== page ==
Tymoshenko, 53, said Tuesday she was concerned about the regional balance of power should Russia continue to rattle its sabers.
"When Russia is allowed to take away Crimea then the world will change," she told CNN. "Then not only life and politics in Ukraine will change, politics and life will change practically everywhere in the world."
Russian President Vladimir Putin said Tuesday he questioned the legitimacy of Ukraine's new leaders, but said there are no plans for an invasion.
"The use of troops is a last resort," he was quoted as saying by state-backed news agency RIA Novosti. "There is no necessity to do it at the moment, though that option is on the table."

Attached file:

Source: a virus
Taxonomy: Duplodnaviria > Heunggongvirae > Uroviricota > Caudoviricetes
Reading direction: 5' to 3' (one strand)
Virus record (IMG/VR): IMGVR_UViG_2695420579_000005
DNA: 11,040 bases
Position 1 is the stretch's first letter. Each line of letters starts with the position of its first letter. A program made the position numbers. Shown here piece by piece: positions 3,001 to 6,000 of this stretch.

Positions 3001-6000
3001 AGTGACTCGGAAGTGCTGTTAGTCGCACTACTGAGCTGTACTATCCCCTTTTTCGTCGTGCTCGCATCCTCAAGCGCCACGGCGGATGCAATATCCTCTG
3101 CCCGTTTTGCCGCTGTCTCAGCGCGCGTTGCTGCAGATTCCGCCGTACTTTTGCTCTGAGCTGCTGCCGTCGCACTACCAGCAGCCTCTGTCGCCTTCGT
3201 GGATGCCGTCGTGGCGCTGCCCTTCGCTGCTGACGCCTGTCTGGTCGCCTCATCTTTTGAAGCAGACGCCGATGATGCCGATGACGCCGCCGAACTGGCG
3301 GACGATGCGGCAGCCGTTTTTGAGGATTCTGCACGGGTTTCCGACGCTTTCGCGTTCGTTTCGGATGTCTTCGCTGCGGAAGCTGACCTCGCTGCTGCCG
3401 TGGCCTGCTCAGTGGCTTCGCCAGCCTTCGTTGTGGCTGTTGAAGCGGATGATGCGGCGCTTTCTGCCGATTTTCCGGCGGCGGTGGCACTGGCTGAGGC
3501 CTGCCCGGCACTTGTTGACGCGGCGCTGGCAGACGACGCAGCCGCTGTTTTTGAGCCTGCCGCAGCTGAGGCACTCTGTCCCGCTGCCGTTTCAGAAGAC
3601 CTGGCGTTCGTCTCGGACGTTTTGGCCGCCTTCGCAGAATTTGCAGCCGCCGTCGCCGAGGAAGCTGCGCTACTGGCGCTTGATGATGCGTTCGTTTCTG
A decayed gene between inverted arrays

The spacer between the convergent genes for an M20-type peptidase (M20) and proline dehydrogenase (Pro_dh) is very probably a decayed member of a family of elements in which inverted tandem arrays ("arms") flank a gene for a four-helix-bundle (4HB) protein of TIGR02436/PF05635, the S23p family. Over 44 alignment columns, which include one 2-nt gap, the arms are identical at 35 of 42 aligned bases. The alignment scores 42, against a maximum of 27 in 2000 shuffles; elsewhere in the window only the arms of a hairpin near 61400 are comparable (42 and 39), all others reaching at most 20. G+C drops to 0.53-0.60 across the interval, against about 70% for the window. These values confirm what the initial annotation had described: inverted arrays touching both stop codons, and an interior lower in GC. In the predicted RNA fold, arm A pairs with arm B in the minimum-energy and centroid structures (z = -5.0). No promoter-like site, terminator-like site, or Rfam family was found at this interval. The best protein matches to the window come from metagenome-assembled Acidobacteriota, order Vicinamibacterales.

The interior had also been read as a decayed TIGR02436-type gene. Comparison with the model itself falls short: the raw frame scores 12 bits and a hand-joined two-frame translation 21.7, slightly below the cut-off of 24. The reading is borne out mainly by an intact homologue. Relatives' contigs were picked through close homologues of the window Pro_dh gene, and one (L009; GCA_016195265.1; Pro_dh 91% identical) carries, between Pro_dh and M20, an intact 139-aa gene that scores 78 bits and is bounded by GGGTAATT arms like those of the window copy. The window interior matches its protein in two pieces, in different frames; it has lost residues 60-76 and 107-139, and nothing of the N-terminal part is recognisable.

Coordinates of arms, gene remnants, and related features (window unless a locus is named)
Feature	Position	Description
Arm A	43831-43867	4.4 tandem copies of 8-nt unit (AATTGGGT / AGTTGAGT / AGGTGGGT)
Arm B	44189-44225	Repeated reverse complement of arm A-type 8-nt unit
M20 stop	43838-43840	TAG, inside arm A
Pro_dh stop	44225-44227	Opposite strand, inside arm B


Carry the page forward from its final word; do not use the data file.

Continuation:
Tymoshenko, an influential opposition leader in Ukraine, was freed from prison last month. She was sentenced by her rival, ousted President Viktor Yanukovych, in 2011 on corruption charges stemming from an energy deal with Russian energy company Gazprom.
Ukraine's new prime minister, Arseniy Yatsenyuk, hails from Tymoshenko's Fatherland party.
There was no statement from Kerry or Nuland. Nuland, Kerry's former spokeswoman, was criticized last month for a gaffe she made on European relations with Ukraine.
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